Cloning

17 animals scientists want to bring back from extinction

It's called "de-extinction," the act of bringing an extinct animal back to life by reassembling its genome and injecting it into embryonic cells. After that, it's the simple matter of finding a surrogate. In early 2013, scientists met to discuss which animals should be up for consideration. We've highlighted 17 of their 24 final choices.

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The sabre-toothed cat, or smilodon, died out after the last ice age.
Charles R. Knight

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The woolly mammoth was one of the last in a line of mammoth species. Genetic studies have shown that its closest extant relative is the Asian elephant.
Charles R. Knight

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Mastodons, related to elephants, inhabited North and Central America during the late Miocene or late Pliocene up to their extinction at the end of the Pleistocene 12,000 years ago.

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A female quagga in the London Zoo (1870). A subspecies of the plains zebra that resided in South Africa, the last wild quagga was shot in 1870.
F. York

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A rare photo of a live Carolina Parakeet, the only parrot species native to the eastern United States. Numerous reasons contributed to its demise, but a contributing factor was the demand for its colorful feathers to decorate ladies' hats.
Paul Bartsch

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The Thylacine, or Tasmanian Tiger, was the largest known carnivorous marsupial of modern times and the only marsupial on the list.
Baker; E.J. Keller

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One of the most famous and often copied paintings of a Dodo specimen, as painted by Roelant Savery in 1626. Dodos are known for being dumb but they evolved this way because they had no natural predators. Until humans arrived.
Roelant Savery (15761639)

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The Kaua'i 'O'o Moho (pictured) was the last of the Mohos to become extinct in 1987, dying out from habitat destruction and hunting.
Robert Shallenberger/USFWS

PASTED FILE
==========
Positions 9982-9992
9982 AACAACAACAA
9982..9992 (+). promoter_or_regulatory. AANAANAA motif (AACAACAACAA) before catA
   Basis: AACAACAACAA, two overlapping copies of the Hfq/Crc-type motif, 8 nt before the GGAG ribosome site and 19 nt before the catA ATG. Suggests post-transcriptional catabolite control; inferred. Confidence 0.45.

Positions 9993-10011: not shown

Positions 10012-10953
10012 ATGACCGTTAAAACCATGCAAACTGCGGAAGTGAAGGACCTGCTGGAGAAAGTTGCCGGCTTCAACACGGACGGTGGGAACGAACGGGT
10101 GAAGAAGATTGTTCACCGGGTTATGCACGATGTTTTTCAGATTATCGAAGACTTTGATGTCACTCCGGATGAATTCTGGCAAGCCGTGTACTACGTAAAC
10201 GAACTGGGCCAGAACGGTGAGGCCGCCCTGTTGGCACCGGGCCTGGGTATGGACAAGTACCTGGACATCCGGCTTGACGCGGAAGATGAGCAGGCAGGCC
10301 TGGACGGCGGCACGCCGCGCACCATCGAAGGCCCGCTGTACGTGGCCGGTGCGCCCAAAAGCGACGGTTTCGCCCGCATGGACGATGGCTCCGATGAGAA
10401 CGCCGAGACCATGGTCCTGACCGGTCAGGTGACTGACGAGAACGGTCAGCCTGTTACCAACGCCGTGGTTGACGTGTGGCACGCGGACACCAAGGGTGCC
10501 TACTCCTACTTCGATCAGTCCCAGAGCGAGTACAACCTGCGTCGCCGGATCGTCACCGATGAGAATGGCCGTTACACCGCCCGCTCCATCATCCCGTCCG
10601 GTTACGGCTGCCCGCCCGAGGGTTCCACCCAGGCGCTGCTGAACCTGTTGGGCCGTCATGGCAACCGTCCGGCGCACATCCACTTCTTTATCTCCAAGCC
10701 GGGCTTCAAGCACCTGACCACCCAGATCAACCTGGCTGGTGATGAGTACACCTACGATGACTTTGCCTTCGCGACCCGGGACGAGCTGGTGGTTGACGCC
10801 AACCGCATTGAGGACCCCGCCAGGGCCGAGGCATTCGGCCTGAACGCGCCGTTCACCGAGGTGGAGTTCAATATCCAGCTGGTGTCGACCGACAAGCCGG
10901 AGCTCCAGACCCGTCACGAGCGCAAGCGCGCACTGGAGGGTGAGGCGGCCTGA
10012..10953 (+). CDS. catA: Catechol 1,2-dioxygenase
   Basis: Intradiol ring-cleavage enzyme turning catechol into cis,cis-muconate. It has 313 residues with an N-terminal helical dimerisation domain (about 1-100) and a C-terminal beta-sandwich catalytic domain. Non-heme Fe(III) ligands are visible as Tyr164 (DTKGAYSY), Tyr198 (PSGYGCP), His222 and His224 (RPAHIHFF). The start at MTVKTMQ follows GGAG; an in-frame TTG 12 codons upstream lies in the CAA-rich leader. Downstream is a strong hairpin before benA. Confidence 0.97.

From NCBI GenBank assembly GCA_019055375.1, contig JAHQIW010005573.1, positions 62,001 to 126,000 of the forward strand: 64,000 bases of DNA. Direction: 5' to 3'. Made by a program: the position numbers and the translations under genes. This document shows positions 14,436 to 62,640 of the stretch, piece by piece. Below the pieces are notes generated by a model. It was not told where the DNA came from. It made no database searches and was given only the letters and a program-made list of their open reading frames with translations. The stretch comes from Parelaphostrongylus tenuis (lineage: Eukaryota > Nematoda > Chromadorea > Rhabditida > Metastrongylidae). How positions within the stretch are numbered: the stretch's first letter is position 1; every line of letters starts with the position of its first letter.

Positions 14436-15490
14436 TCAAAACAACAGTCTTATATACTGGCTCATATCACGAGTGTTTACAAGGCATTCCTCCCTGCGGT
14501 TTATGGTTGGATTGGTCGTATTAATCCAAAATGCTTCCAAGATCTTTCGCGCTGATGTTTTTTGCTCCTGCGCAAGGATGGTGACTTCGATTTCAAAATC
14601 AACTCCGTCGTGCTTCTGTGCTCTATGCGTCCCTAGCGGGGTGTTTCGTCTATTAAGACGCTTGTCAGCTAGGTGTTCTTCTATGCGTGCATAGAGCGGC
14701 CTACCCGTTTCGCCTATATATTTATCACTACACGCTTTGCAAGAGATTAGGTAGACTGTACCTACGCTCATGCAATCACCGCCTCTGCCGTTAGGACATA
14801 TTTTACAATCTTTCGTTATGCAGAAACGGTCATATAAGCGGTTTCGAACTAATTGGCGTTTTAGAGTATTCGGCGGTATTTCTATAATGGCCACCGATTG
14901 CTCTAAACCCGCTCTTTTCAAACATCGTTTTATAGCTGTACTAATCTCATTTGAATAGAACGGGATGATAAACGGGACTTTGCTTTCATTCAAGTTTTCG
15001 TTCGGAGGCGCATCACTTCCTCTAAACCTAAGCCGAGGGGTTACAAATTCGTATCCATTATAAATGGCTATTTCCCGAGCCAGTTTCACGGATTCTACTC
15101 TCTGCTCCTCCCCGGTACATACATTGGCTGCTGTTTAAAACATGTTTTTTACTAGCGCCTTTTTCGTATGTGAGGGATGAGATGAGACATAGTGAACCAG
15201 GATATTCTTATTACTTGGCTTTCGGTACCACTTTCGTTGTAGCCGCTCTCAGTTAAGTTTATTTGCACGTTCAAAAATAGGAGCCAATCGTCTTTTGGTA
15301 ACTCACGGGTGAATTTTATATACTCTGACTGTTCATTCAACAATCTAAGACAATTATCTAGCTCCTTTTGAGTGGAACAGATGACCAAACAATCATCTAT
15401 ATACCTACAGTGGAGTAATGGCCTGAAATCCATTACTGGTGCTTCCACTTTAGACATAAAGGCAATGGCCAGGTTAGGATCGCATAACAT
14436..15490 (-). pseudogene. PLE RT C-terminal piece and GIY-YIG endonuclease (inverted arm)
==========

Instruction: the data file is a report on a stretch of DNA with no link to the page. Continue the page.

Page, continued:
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The Cuban Macaw lived in Cuba and was the last species of Caribbean macaw to go extinct, due to deforestation.
Watercolour by Jacques Barraband (circa 1800)

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The Pyrenean ibex became extinct in January 2000 as scientists attempted to clone DNA from one of the last females.
Joseph Wolf

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The Huia, the largest species of New Zealand wattlebird, went extinct in the early 20th century from overhunting and deforestation.
J. G. Keulemans

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The Passenger Pigeon or Wild Pigeon once flew the North American skies in huge flocks until habitat destruction and hunting led to its extinction in the early 20th century.
J. G. Hubbard

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The heaviest of known birds, we still aren't sure why the elephant bird went extinct. The last written accounts of sightings occured in the 17th century.
Unknown (Pre-1923)

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The last recorded auroch, a type of large wild cattle, died in the Jaktorów Forest, Poland in 1627.
Heinrich Harder (1858-1935)

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The Caribbean monk seal, or sea wolf, as early explorers referred to it, was a species of seal native to the Caribbean and now believed to be extinct due to overhunting and overfishing of their food sources.
New York Zoological Society

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The moa were nine species of flightless birds endemic to New Zealand that eventually died out due to over-hunting by the Maori by 1400AD.
George Edward Lodge

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The Labrador Duck migrated annually, wintering off the coasts of New Jersey and New England. It's extinction was unexplained, but it is thought to have always been a rare bird.
University of Pittsburgh

17 animals scientists want to bring back from extinction

It's called "de-extinction," the act of bringing an extinct animal back to life by reassembling its genome and injecting it into embryonic cells. After that, it's the simple matter of finding a surrogate. In early 2013, scientists met to discuss which animals should be up for consideration. We've highlighted 17 of their 24 final choices.

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